Taxonomies and Topic Maps: Categorization Steps Forward

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Time To Do Something
Around the same time of Berners-Lee's presentation at XML 2000, Cambridge, MA-based Forrester Research published a report with the pithy title, "Must Search Stink?" Forrester more or less answered the question by saying, "Not if you begin to implement search technology better, as well as develop some best practices." As Forrester pointed out in a related report, "Managing Content Hypergrowth" (January 2001), "Mushrooming online assets force both contributors and end-users to wade through even deeper content haystacks for the 'needles' they want, dramatically increasing the likelihood of confusion and frustration." And this is quickly becoming everyone's problem, since the amount of online content continues to grow and the effective use of search technology continues to lag.

Ellerbeck suggest-develop a taxonomy with the help of experts, apply it consistently, and create feedback mechanisms so that you can continuously improve the data. Content management ven- dor Eprise makes such tagging a central component of its recommended best practices. According to Hank Barnes, vice president of strategy for Eprise, "A key aspect of making content more effective is metatags for classification. These tags enable content users to more easily find relevant information and to get more in-depth information on specific subjects." Barnes notes that Eprise uses these types of tags to dynamically locate information in response to user actions, such as following a certain path through a Web site. Adds Barnes, "Often, this approach of content delivery based on classification is much more effective than full-text or general-purpose searching."

Categorization has advantages beyond the core systems of search and content management. Orlando-based DigitalOwl develops and markets solutions for content syndication and Digital Rights Management (DRM). According to DigitalOwl president and CEO Kirstie Chadwick, "Content that is tagged with relevant keywords is ideally suited to be marketed and distributed through a broad range of distribution channels."

According to Chadwick, DigitalOwl provides tools that simplify the classification and tagging of content for the purpose of distribution and marketing through digital distribution channels. Once tagged and classified, DigitalOwl's KineticEdge technology is able to automatically drive highly relevant content items directly to the desktops of corporate end-users that have expressed a need for specific topics or areas of interest.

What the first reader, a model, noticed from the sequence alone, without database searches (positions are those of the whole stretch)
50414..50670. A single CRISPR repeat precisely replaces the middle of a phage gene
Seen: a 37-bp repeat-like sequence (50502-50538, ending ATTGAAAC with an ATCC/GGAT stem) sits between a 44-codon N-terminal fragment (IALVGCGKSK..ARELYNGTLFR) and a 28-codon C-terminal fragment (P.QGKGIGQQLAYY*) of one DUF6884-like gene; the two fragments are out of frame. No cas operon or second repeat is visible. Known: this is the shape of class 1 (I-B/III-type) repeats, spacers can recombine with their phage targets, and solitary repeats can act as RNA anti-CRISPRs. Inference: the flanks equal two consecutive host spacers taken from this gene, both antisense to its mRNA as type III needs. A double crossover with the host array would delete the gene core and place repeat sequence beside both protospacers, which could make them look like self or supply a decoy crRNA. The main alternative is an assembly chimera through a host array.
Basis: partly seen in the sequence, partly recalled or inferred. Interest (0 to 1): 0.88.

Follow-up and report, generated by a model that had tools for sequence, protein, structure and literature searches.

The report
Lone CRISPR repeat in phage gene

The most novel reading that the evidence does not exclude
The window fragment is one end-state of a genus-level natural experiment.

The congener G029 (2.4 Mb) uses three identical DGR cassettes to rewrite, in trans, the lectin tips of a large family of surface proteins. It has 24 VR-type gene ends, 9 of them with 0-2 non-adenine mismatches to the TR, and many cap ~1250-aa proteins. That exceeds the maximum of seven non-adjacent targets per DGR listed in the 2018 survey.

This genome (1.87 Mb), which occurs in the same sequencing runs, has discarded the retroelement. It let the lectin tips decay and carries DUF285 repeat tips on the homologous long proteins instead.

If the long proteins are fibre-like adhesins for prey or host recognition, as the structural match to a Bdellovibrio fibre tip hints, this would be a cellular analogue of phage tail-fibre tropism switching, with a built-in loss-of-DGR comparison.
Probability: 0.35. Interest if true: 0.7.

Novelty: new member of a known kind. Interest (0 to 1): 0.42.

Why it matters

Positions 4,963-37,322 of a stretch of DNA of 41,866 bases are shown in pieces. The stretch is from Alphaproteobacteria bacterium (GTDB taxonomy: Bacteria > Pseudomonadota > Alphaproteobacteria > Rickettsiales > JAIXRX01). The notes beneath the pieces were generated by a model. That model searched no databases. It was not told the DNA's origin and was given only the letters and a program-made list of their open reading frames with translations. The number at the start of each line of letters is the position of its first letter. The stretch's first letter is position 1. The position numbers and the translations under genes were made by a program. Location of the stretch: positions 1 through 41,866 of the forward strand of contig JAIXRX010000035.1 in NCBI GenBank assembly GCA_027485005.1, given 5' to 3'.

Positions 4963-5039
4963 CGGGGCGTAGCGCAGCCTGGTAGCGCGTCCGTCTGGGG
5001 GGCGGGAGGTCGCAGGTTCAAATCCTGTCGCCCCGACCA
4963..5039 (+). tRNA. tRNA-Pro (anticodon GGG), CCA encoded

Of course, the idea of well-tagged content is something that information professionals know well, and Web publishers rely on some widely used processes to apply categories. In HTML-tagged content, category is typically indicated in the values of the metatag. Savvy Web publishers pay careful attention to how they populate the Description attribute and, more significantly, the Keywords attribute. These two attributes have much to do with how the HTML-tagged page is indexed by the various search engines.

Yet, despite the understanding of how categorization can aid in retrieval, it has not been used to its full advantage. Within many companies and organizations, there has traditionally been resistance to categorizing large volumes of data, as "hand categorization" has been viewed as human- intensive and unscalable, and automated categorization techniques are viewed as less effective.

Technology Finally Catching Up?
Categorization technology seems finally to be overcoming the conventional wisdom. This is partly because the tools seem to be improving, and also because the tools allow for the kinds of user intervention that improve the technology's results. Ideally, the technology allows for the user to create the high-level categories and hierarchies, and then the tools are used to tag individual documents. As more and more content is tagged, the user can intervene to shape the categories and refine how documents are being tagged. This kind of iteration and continuous improvement leads to the best results in a cost-effective manner.